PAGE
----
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Last active Jul 1, 2021
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Vim cheatsheet

Opening windows

:new [filename]

Open a new window above the current window

:vnew [filename]

Open a new window beside the current window

:split <filename>

Edit the specified file in new window above the current window

:vsplit <filename>

Edit the specified file in new window beside the current window

Moving between windows


Navigate to the window in the given direction (<C-w>j navigates down)


Move the current window in the given direction (<C-w>J moves it down)

Visual Block mode

Visual block mode allows for selecting a column of text. Unlike standard (aka characterwise) and linewise visual mode, visual block mode is likely the best tool for certain jobs and we recommend using it. Some ideal use cases for visual block mode are editing a git rebase summary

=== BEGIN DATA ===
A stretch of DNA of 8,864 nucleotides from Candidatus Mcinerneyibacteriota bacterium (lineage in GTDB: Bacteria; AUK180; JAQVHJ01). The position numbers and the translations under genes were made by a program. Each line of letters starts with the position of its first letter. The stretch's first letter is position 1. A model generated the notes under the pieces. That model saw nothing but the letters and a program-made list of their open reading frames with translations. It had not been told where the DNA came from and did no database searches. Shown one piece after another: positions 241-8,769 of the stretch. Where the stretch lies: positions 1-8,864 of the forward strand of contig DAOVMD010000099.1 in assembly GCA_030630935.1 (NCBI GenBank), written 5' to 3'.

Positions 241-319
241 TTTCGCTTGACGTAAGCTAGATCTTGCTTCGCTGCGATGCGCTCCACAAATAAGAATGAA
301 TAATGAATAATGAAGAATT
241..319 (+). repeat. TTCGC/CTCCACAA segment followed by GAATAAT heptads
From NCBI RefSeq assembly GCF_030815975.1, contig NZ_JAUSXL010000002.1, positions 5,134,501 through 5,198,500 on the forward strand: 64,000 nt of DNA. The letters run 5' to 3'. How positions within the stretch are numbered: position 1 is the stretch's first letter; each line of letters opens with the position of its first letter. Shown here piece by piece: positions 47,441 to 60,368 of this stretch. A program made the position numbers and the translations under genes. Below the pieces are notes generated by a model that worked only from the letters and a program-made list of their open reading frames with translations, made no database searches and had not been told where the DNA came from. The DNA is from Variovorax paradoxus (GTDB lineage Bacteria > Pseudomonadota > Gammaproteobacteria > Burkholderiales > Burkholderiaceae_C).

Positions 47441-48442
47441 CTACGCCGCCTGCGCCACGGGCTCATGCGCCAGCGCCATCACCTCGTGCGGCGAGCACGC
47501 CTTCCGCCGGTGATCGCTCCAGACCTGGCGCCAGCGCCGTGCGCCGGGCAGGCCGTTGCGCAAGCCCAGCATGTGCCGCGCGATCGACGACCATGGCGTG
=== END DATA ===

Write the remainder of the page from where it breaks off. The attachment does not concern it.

Visual block mode can be started with <C-v> from normal mode. Once started, use normal mode motions to move the highlight region.

Visual block mode uses similar mappings to normal mode, but not identical. The following is a list of the common visual block operations and their mapping:



d, or x

Delete the visual block selection




Replace all characters in the block with the next character you type


Insert text before the block


Insert text after the block

Increasing or decreasing numbers

In normal mode, typing Ctrl-A will increment the next number, and typing Ctrl-X will decrement the next number

Creating new relative files

From within Vim, new files are created like existing files are edited, via commands like :edit filename or :split filename. To persist them to disk, you need to (optionally type in contents and) persist them via :write.

Like a command prompt, Vim has a notion of current directory (:pwd lists it). All file paths are relative to it. You don't need to duplicate the path to your current file, there are some nice shortcuts for them: % refers to the current file, :h is a modifier for its directory, minus the file name (cp. :help filename-modifiers). So,

:e %:h/filename
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